Adrian’s career started with research into waste management and progressed into a wide range of experimentally-based agri-environmental research including: biological treatment systems, silage conservation, gaseous emission measurement and control, and improved manure management methods. He later concentrated on mathematical modelling, initially using process models, leading to work in whole-farm agri-environmental and systems modelling, and systems-based, environmental Life Cycle Assessment (LCA).
This addressed subjects from individual food commodity production to changing national diets and the implications for the environment. He also explored, with LCA, the benefits of improving cattle health on GHG emissions and comparing cattle production systems with a range of intensities.
Recent work focussed on the LCA of GHG removal (or net emissions technology – NET), particularly using soil management, along with the valuation of the environmental impacts of scientific activities.
Reader, Goldsmiths, University of London
- 2009, MSc in Applied Forensic Psychology (with Distinction), University of Leicester, UK.
- 2004, PhD in Psychology, University of Bath, UK.
- 1999, MSc in Social Research, University of Bath, UK.
- 1998, BSc Honours in Psychology and Sociology (2:1), University of Bath, UK.
Professor of English and Emma MacLachlan Metcalf Chair of Humanities, Boston University
Adriana Craciun specializes in eighteenth and nineteenth-century British literature and culture, with current research in Arctic humanities, exploration studies, science studies, historical geography, history of collecting, Enlightenment, history of the book and of authorship. Her most recent book, Writing Arctic Disaster: Authorship and Exploration (Cambridge UP, 2016), was shortlisted for the 2016 Kendrick Book Prize by the Society for Literature, Science & the Arts, and uncovers a rich textual and material archive of Arctic exploration culture from the 17th century through to our own era of renewed interest in exploration’s contentious legacies.
She is also the author of Fatal Women of Romanticism (Cambridge UP, 2003) and British Women Writers and the French Revolution: Citizens of the World (Palgrave, 2005), which focused on women writers’ significant contributions to Romantic-era thinking on the body, gender, revolutionary politics, and cosmopolitanism. She is the editor of several essay collections, most recently the volumes Curious Encounters: Voyaging, Collecting and Making Knowledge in the Long 18th Century (2019), and The Material Cultures of Enlightenment Arts and Sciences, co-edited with Simon Schaffer (2016), and the special issue of Eighteenth-Century Studies on The Disorder of Things (2011).
She has published numerous essays in journals such as PMLA, New Literary History, Eighteenth-Century Studies, Nineteenth-Century Literature, European Romantic Review, Atlantic Studies, Victorian Literature and Culture, and Interventions: International Journal of Postcolonial Studies. Before coming to BU, Craciun taught at the University of California-Riverside, the University of London, and the University of Nottingham, and has received fellowships from the National Endowment for the Humanities, the Arts and Humanities Research Council (UK), the Fulbright Program, and the National Maritime Museum (UK). She is the editor of Studies in Romanticism, the flagship journal of Romantic literary studies founded at BU in 1961.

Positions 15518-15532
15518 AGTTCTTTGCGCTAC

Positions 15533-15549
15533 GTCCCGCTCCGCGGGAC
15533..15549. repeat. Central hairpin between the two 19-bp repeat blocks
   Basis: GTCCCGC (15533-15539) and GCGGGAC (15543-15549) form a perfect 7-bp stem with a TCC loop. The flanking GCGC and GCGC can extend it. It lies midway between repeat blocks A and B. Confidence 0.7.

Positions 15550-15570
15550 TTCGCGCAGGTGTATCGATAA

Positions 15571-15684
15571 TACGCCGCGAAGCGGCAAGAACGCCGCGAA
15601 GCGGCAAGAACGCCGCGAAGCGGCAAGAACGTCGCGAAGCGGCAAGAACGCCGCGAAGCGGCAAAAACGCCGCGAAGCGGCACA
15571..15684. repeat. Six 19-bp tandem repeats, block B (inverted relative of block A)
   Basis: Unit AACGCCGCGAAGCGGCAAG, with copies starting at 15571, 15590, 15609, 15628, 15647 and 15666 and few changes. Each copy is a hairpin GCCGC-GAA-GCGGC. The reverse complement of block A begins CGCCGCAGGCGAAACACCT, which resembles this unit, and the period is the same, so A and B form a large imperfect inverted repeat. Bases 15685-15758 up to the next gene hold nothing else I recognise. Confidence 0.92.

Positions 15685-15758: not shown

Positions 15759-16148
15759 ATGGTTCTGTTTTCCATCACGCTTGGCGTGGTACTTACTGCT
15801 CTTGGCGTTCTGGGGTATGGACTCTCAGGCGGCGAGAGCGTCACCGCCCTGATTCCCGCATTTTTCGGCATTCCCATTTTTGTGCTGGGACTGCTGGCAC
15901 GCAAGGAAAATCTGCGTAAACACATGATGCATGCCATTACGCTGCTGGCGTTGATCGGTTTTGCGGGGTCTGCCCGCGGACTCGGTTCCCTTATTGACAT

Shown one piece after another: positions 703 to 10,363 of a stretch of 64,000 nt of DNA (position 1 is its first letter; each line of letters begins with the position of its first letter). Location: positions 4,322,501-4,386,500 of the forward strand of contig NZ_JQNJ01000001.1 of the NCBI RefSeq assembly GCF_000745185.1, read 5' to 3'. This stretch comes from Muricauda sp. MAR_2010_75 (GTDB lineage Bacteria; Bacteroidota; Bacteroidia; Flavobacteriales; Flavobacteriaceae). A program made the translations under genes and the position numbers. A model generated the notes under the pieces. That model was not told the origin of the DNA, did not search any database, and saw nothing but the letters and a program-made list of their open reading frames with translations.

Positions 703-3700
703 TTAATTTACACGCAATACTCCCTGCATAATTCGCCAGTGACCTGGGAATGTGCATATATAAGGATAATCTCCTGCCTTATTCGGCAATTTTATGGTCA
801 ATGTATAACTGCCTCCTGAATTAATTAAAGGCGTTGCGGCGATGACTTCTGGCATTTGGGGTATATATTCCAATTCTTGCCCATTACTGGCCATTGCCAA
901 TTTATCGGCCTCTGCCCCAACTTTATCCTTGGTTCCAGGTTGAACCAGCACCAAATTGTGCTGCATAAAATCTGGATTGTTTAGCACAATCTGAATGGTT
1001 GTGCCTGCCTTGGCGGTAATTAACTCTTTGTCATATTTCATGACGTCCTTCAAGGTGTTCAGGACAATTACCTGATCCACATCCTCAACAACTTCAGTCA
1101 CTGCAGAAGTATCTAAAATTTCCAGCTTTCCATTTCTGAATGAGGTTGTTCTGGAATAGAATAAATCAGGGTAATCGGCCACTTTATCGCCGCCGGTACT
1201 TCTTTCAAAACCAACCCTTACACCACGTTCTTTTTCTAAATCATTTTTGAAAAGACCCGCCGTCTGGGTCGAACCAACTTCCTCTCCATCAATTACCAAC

Current book-length projects include: Arctic Enlightenments, a study of botanical vitality, temporality, and collecting from the Enlightenment to the Svalbard Global Seed Vault; Arctic Mobilities (co-authored with Michael Bravo); The Star Gazers: Astronomy, Poetry and Sexuality in 19th-Century Ireland. She also runs the Cultures of Science interdisciplinary research seminar at BU, and serves on the Executive Board of the Center for the Study of Europe, and as Associated Faculty at the Pardee Center for the Study of the Longer-Range Future.
Animal welfare researcher, Universidad Autónoma Metropolitana (México)
D.V.M. focused on animal welfare, animal behavior, and neurology. Another field of research is neurobiology and pain assessment in animals.
Professor in marine ecology, UNSW Sydney
I'm a marine ecologist based at The University of New South Wales in Sydney. My research focuses on the impacts of climate change on marine communities and on developing restoration solutions to re-establish lost underwater kelp forests and seagrass meadows.
Associate Professor of Population Health, Ohio University
Adrianne Frech is an Associate Professor of Population Health in the Department of Social Medicine at the Ohio University Heritage College of Medicine – Cleveland. Dr. Frech’s research is funded by the National Institutes of Health and her expertise is in the relationships between workforce participation and health across the life course, as she examines how work reflects and reinforces gender inequalities in health.
I am researching the process of atmospheric carbon dioxide in the ancient Mars atmosphere being sequestered into stable mineral carbonate. Such carbonate minerals have been observed by satellite, rovers, landers and in meteorites from Mars that have landed on Earth. I examine these sources and attempt to resolve the mineralogy and reaction pathways involved. There is a lot of advanced microscope work of Mars fragments, which I love. I also conduct laboratory experiments in pressure vessels that mimic early Mars hydrothermal systems.
We can utilise the same reactions in rock formations on Earth to store atmospheric carbon dioxide as minerals. A method much more stable than other current carbon capture and storage methods. I am also working with Engineers in Space Glasgow to build a new prototype rover tool that uses ultrasonic grinding to expose a smooth rock surface, so that rock reactions can be observed more clearly.